Canada’s new minister of foreign affairs, Chrystia Freeland, was recruited into politics by Prime Minister Justin Trudeau and is influential in his inner circle. They share a belief common amongst international bankers, industrialists and many politicians that free trade and globalization are automatically good for us and that it would be dangerous to tamper with them.
Still, it hasn’t been a good season for trade internationalists. Freeland was Canada’s point person on a free trade agreement with the European Union. That deal almost died late last year and is now awaiting ratification by individual European states. Then, in 2016, the British voted narrowly to leave the EU. Finally, negotiations for the Trans-Pacific Partnership, an agreement including Canada and a dozen Asian and Pacific countries, were completed a year ago. But the pact has now been torpedoed by incoming American President Donald Trump, who says it would be a bad deal for the U.S.
Trump says also that he will reopen the North American Free Trade Agreement (NAFTA) which includes the U.S., Canada and Mexico. He is at the same time scapegoating Mexico in the ugliest way, including his insistence that the U.S. will build a wall to keep Mexicans out and that they will pay for it.
Some Canadians, including trade lawyers and the C.D. Howe Institute seem prepared to ditch NAFTA, to throw Mexico under the bus, and to fall back instead on the earlier bilateral Free Trade Agreement with the U.S. But King Kong is on the march and Canada will likely be bullied and trampled as well as Mexico.
There’s an irony here, of course. Trump is a wealthy right-wing populist with authoritarian tendencies, and yet he’s the one challenging the international trade regime. In Canada, it was progressives, such as labour leader Bob White and Maude Barlow, chairperson of the Council of Canadians, who fought against such agreements in the 1980s and early 1990s. They said the NAFTA was more about the rules for investment than about trade; that it removed power from democratically elected governments and placed it into the hands of corporations — all at the expense of ordinary people.
For example, the investor-state dispute settlement provisions in all of these trade deals allow corporations to sue governments over actions they take in the public interest. Most often those suits have revolved around environmental legislation or regulations that companies claim will harm their profits.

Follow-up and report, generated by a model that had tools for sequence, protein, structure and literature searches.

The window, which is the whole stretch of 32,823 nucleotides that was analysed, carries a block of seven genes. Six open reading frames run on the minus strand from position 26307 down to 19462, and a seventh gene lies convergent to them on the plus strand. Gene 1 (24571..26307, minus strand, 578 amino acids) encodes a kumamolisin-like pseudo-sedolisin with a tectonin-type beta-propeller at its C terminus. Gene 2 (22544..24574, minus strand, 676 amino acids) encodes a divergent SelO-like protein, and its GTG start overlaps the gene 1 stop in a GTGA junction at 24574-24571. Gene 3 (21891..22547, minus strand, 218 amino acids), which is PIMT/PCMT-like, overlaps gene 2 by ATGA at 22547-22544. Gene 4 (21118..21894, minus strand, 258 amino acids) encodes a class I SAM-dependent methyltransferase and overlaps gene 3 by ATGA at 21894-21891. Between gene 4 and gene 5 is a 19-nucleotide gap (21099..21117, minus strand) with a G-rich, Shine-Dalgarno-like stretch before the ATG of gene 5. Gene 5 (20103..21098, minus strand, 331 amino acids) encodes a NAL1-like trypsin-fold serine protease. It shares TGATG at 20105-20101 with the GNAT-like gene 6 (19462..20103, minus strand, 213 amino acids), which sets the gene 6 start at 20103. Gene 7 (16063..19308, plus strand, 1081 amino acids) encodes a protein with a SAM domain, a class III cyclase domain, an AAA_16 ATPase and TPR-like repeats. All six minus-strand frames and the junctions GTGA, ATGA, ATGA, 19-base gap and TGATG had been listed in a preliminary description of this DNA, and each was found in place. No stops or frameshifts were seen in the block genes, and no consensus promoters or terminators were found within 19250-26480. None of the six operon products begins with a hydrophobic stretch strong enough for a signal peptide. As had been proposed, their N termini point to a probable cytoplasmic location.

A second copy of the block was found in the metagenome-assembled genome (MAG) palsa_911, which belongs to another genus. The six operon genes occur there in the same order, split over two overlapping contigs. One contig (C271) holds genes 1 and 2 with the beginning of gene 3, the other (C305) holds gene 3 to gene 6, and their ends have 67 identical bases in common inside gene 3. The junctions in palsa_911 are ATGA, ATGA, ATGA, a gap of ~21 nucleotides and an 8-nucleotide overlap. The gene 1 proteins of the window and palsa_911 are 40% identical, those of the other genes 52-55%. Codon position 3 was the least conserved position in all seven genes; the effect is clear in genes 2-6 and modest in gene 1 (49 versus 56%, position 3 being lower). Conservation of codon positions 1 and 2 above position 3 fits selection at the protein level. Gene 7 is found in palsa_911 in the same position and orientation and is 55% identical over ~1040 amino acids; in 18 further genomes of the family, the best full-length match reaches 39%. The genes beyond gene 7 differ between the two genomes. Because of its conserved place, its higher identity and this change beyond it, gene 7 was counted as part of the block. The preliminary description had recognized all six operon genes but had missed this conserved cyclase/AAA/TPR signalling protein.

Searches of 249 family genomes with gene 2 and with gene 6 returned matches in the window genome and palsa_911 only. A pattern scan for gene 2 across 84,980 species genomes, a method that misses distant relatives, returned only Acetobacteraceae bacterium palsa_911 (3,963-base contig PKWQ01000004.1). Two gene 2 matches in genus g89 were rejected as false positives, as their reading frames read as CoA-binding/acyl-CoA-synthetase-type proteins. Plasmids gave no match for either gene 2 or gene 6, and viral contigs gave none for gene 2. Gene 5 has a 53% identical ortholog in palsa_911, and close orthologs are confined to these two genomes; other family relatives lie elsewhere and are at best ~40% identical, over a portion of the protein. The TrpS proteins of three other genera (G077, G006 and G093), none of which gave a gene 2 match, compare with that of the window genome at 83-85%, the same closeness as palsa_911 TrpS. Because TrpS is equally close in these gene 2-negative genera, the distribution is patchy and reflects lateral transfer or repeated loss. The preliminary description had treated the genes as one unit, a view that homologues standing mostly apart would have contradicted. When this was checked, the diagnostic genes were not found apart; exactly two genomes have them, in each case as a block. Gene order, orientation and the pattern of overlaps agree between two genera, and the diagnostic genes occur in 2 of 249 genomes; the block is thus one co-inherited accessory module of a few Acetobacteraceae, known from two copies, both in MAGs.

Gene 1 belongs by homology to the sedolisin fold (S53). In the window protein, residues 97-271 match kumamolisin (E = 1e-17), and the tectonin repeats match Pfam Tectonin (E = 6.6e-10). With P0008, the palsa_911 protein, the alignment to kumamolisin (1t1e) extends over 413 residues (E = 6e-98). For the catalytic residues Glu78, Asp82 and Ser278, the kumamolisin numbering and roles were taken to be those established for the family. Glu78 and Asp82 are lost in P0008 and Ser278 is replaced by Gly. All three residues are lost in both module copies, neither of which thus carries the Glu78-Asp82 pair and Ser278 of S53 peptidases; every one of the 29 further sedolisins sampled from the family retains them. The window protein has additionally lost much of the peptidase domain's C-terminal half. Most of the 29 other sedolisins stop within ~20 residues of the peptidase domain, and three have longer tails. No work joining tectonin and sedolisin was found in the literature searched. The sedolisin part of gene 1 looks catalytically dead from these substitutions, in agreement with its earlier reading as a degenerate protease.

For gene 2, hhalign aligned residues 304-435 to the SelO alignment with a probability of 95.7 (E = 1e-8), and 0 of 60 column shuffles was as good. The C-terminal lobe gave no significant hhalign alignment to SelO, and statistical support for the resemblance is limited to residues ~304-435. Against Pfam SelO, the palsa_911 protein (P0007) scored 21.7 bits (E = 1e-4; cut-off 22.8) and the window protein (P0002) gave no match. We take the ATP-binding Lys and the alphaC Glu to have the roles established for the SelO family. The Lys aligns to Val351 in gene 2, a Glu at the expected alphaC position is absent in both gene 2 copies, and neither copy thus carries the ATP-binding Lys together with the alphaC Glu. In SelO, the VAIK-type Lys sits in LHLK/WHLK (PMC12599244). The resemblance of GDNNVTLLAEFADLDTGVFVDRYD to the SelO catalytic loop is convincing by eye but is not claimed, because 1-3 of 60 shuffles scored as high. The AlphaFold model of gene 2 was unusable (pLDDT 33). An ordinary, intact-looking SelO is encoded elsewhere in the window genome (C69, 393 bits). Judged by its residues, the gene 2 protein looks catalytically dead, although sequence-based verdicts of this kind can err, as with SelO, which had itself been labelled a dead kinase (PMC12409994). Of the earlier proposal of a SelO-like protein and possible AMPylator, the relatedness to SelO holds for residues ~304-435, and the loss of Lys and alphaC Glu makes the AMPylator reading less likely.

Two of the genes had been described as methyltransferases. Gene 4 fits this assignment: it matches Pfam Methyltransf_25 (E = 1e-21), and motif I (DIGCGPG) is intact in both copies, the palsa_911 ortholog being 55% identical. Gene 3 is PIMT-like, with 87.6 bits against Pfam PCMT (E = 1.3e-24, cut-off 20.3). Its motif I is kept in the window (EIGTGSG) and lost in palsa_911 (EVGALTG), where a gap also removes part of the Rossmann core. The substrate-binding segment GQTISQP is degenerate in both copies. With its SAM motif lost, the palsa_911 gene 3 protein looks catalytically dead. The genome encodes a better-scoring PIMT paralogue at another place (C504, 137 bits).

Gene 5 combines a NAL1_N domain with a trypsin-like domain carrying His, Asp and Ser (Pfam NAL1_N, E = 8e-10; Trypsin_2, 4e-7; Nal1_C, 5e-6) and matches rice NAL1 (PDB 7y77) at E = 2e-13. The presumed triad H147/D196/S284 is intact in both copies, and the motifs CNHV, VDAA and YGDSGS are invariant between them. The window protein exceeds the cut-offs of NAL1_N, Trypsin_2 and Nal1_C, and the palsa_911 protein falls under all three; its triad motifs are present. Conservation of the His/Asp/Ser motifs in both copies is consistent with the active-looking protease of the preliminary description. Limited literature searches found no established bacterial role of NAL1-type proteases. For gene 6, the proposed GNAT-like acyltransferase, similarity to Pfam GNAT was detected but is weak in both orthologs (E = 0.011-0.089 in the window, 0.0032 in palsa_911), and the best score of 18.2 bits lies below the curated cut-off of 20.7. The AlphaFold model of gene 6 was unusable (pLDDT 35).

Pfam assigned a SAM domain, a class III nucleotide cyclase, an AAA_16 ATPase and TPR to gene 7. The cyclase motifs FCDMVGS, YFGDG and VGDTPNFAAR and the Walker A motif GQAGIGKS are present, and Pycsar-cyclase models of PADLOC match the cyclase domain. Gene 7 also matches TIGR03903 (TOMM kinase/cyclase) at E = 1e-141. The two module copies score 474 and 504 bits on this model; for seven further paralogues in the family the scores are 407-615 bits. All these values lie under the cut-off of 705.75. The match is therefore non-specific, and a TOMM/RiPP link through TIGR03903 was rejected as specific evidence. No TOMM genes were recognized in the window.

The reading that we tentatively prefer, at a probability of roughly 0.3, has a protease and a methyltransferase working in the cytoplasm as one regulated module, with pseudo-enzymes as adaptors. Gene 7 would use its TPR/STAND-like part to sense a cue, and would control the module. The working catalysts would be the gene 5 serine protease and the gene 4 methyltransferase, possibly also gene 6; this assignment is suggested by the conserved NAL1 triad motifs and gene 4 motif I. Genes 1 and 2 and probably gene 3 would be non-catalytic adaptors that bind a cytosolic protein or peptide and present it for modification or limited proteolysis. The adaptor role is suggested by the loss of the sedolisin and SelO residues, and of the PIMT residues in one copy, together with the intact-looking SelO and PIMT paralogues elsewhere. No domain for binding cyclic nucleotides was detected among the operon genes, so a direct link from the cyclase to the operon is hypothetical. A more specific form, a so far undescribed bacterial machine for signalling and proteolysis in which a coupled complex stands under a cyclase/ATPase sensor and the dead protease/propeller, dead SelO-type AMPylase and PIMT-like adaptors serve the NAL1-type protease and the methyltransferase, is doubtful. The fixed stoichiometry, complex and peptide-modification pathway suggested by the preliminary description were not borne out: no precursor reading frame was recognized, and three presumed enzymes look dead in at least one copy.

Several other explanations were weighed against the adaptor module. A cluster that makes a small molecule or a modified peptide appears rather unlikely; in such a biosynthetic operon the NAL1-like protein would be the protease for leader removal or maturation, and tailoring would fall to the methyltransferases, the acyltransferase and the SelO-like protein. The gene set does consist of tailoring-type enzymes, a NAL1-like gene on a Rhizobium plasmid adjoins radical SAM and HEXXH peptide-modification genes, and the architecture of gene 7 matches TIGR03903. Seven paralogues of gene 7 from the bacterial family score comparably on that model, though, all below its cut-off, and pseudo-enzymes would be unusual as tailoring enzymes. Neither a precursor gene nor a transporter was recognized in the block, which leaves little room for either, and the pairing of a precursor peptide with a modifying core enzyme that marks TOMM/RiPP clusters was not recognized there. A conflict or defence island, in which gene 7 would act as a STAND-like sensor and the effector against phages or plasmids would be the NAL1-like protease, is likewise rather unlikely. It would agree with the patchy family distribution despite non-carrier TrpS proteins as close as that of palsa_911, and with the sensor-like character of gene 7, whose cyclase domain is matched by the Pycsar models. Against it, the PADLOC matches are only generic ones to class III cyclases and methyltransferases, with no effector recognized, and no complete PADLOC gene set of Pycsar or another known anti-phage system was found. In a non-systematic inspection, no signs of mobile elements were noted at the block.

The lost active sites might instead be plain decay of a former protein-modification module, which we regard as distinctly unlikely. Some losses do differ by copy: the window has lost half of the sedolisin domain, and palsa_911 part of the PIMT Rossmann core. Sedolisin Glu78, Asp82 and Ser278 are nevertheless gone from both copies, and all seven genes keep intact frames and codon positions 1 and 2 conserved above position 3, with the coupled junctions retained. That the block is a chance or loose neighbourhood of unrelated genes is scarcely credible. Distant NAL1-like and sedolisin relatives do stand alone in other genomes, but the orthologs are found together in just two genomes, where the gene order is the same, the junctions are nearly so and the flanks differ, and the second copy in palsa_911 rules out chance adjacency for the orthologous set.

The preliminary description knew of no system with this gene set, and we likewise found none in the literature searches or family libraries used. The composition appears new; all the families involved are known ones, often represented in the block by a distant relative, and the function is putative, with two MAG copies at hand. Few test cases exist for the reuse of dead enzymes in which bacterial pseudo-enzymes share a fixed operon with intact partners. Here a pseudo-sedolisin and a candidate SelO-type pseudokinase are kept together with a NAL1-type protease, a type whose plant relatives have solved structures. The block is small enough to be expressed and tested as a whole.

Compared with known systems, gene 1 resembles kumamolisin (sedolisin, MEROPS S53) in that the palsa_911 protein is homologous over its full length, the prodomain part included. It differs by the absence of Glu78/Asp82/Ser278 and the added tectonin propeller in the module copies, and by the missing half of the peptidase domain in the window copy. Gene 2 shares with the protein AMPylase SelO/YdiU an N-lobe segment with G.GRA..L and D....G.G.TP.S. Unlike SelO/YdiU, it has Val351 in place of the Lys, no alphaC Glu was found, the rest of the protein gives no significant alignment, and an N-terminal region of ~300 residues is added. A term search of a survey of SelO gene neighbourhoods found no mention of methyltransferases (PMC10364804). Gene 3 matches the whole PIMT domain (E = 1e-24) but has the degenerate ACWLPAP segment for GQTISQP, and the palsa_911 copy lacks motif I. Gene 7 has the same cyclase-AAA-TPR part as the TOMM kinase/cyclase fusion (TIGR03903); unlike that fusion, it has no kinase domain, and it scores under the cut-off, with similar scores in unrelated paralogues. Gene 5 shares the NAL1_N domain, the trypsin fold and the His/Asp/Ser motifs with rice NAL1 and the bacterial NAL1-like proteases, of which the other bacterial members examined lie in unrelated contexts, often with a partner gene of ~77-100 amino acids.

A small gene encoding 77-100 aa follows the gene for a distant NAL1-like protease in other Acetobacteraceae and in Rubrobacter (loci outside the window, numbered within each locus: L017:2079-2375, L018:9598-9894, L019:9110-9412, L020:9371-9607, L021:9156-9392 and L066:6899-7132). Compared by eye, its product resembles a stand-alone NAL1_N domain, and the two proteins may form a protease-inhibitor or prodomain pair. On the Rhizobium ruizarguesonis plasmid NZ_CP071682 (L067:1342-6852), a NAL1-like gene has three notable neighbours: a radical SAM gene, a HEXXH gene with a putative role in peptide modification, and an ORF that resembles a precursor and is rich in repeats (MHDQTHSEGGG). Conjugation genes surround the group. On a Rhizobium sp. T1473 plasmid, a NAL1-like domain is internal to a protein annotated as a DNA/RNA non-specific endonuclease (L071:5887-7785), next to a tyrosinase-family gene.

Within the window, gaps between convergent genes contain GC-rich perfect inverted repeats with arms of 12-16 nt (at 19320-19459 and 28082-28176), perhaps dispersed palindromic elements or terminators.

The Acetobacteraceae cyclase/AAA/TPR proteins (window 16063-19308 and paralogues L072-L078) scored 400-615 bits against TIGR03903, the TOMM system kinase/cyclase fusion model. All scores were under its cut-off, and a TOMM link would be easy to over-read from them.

Lifting all boats?
Freeland, Trudeau and others claim that everyone benefits from increased trade. It’s true that when companies migrate to lower-wage countries, jobs are created. But, far too often, they are poorly paid and leave workers without even basic protections. For example, in Bangladesh, the Rana Plaza textile factory collapsed in 2013, killing 180 employees and injuring 1,000. The building codes had been ignored, and workers were forced to remain in a setting that they knew was unsafe. They were earning between $10 and $12 per week at the time.
For three decades, the predominant narrative has been about trade lifting all boats. If that is so, how do we explain that in Canada median earnings after inflation have remained flat for decades? Or that 5 million people (500,000 of them children) continue to live in poverty? The wealth created by globalization has been trapped mainly by the elites. In fact, the Canadian Centre for Policy Alternatives reports that in 2015, Canada’s highest paid CEOs were paid 193 times more than someone earning an average wage.
A delicate position
Trump has prevailed by stoking the anger of Americans who feel that they have been left behind. Unfortunately, he did that by attacking Latino immigrants, African-Americans and Muslim refugees, who really aren’t the cause of the hard times that some Americans are experiencing. And despite his posturing, it’s unlikely that if Trump reopens NAFTA, he’ll do so with the interests of working-class Americans uppermost in mind. But he has proven, as one commentator noted, that trade agreements are about politics, and not immutable economic laws.
Canada is left in a delicate position. Do we support the continuation of trade deals that help to concentrate wealth among high income earners while leaving others behind? Or do we agree to renegotiate badly flawed deals only to be bullied by Donald Trump into further concessions?
Whatever we choose to do, our focus should be on benefiting workers, protecting the environment and improving the distribution of income altogether.
A shorter version of this piece appeared with the United Church Observer on January 26, 2017.